After getting Kiran settled in one of the worst maintained college resident rooms I have ever seen, we walked over to Aladdin's Eatery for dinner. I think the owners were too clever with the menu. Instead of keeping it simple, with recognizable names, the menu played off the Aladdin theme a bit too much. We enjoy eating middle eastern food and are familiar with the food names, but the menu at Aladdin's had some idiot name instead of falafel. I had to read the ingredients to understand that the item was indeed felafel. They were also out of the only Lebanese beer on the menu. So much for providing an immersive experience. I ordered a glass of water. I'm too much beer snob to drink the piss water (aka. Budweiser or Miller Lite) that some Americans call beer. Maybe when all the baby boomers are dead, restaurants will stop putting that garbage on the menu. The new generation of beer drinkers won't drink that swill.
After dinner, we took a quick stroll through Downtown Oberlin before heading back to the house to shower and relax.
I think Oberlin is a boring town. I think most small towns in New Jersey have something unique about them that makes them worth visiting. Princeton has the University. Hopewell has some excellent farm to table and vegetarian restaurants, an award-winning distillery and a micro craft brewery. Montgomery Township, where I live, has beautiful parks and hiking trails in Sourland Mountain. Ringoes and Asbury have wineries. Oberlin offers none of that. It's bland. Generic. I think this annoyed me the most.
The downtown is two square blocks just off the southeastern section of the Oberlin College campus between West College Street, Main Street, South Professor Street and Vine Street. These streets are mainly lined with old town shop front ends and restaurants. I woke up early the following day, I walked downtown and photographed what I thought might be interesting, but I think overall, the photographs are uninspiring. I photographed the early morning light of the storefronts on West College Street, making my way down to East College Street and then back over to South Main Street.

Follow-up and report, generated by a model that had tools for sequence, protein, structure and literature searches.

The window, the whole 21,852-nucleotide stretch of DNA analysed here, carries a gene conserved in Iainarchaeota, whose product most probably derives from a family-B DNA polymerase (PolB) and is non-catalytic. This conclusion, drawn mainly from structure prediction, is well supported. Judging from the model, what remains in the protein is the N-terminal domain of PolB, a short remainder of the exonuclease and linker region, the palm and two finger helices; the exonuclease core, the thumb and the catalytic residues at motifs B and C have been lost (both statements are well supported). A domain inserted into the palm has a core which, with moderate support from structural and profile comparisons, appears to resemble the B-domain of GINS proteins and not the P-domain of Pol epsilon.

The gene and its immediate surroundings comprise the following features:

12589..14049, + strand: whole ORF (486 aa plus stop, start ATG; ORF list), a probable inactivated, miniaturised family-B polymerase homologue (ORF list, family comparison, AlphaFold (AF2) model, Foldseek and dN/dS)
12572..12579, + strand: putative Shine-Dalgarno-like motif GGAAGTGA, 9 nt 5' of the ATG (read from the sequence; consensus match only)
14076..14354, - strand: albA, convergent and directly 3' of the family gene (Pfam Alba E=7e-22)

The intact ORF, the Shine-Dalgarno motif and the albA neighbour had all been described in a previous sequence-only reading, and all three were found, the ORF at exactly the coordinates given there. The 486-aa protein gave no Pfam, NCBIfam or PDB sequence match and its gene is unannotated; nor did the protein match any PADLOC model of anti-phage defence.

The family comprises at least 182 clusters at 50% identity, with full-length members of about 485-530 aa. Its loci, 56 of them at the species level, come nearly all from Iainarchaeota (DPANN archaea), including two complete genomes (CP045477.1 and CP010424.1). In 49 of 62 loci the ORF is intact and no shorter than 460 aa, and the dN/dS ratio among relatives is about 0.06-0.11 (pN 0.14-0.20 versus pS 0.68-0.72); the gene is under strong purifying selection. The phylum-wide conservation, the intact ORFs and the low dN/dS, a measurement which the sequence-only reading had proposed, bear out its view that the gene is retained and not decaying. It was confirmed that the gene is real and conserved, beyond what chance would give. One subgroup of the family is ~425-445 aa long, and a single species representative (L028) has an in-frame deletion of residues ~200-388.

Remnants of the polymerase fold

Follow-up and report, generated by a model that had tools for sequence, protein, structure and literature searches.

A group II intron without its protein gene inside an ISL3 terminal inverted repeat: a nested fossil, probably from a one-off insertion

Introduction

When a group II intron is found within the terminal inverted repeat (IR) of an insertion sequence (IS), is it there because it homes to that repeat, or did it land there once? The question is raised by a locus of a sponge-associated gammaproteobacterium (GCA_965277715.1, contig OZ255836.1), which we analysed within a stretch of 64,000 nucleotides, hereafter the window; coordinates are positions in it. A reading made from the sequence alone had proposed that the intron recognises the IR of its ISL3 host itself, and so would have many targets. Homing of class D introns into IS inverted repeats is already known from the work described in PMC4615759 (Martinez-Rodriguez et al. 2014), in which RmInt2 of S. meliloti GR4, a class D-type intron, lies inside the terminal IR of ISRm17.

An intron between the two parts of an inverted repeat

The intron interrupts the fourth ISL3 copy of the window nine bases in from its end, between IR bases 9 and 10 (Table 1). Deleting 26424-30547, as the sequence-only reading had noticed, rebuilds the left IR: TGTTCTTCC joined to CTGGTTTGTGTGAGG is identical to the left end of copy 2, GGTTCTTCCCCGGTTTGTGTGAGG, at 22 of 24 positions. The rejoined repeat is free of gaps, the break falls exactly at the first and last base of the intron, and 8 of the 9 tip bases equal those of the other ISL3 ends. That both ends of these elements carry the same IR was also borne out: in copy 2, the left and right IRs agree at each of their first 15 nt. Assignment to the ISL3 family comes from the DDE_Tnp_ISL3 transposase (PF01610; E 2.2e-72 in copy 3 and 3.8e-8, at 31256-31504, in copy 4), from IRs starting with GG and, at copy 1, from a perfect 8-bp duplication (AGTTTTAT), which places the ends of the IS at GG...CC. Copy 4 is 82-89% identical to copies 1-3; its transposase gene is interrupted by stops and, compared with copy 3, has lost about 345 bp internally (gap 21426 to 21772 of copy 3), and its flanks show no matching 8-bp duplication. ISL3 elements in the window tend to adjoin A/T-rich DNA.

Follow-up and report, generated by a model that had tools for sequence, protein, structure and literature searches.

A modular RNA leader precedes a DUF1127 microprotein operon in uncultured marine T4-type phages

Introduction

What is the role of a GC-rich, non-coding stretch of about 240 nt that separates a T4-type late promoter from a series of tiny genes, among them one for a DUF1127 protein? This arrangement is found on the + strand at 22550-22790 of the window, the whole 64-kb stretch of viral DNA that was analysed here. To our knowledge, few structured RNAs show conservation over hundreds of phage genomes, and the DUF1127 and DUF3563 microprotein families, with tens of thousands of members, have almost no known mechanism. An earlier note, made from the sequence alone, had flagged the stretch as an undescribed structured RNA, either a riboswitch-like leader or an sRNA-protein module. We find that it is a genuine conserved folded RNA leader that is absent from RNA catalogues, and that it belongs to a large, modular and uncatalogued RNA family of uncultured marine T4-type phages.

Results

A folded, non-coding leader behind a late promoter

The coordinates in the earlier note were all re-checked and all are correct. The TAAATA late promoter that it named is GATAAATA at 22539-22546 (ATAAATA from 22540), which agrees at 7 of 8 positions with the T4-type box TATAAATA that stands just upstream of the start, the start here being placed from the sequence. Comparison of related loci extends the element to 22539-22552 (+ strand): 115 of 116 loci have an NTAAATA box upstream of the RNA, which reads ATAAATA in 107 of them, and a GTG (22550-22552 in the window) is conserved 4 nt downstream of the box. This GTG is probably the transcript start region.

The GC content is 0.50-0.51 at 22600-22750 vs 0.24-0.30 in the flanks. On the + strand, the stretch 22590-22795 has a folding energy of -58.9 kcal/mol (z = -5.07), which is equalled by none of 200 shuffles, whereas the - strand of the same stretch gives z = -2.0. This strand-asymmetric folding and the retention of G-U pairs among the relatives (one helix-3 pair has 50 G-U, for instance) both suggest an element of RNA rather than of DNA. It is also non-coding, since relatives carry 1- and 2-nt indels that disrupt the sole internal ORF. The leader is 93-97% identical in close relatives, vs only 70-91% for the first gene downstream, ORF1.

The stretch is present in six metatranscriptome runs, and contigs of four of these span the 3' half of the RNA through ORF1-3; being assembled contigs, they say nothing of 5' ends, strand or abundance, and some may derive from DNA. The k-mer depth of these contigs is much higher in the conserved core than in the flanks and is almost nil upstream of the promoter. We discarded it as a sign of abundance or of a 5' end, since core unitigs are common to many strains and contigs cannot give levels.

I was killing time while waiting for the coffee shop, Local Coffee, to open at 8 AM. Honestly, I was annoyed. Except for weekends, most of the coffee shops in the Princeton area open around 7 AM. If you open your coffee shops at 8 AM, you will find that most people are already well on their way to work. Even with remote work, at 8 AM, I have already drunk my first cup of coffee, eaten breakfast and am sitting at the computer catching up on blog posts. The other coffee shop in Oberlin opens at 9 AM.
I walked into Local Coffee, ordered a cappuccino and was immediately disappointed that they could not make me a bagel with lox and cream cheese. Argh!
Bhavna and Kiran joined me a little later, and after breakfast, Kiran gave us a tour of her campus.
Unfortunately, it seems that Oberlin College has chosen to use the short break between Summer and Fall sessions to dig up the campus ground outside all significant buildings and install pipes for their Sustainable Infrastructure Program. The campus is an absolute mess with construction equipment and mud and dirt everywhere. I photographed what I could, but this was not the beautiful campus that Kiran described.
Oberlin College claims that all faculty and staff have been vaccinated. But they won't let anyone tour the buildings unless they are vaccinated and wear a face mask. If everyone in the building is vaccinated, I refuse to wear a face mask. It serves no purpose. After this visit, I can't believe that the administrators of this college are educated, rational people. We did not tour the inside of the buildings. I doubt it would have made much difference. The architecture of the buildings is some of the least interesting I have ever seen on a college campus. I don't care if your college was founded in 1833 if your oldest buildings look like they were built in 1933.
After we toured the Oberlin College campus, we toured the downtown, and Kiran showed us some of the murals she had discovered.
I noticed the colourful mural on the wall of the outdoor space of the Thi Ni Thai restaurant. Then I saw the tuk tuk. We all agreed it was beautiful and we wanted Thai for dinner.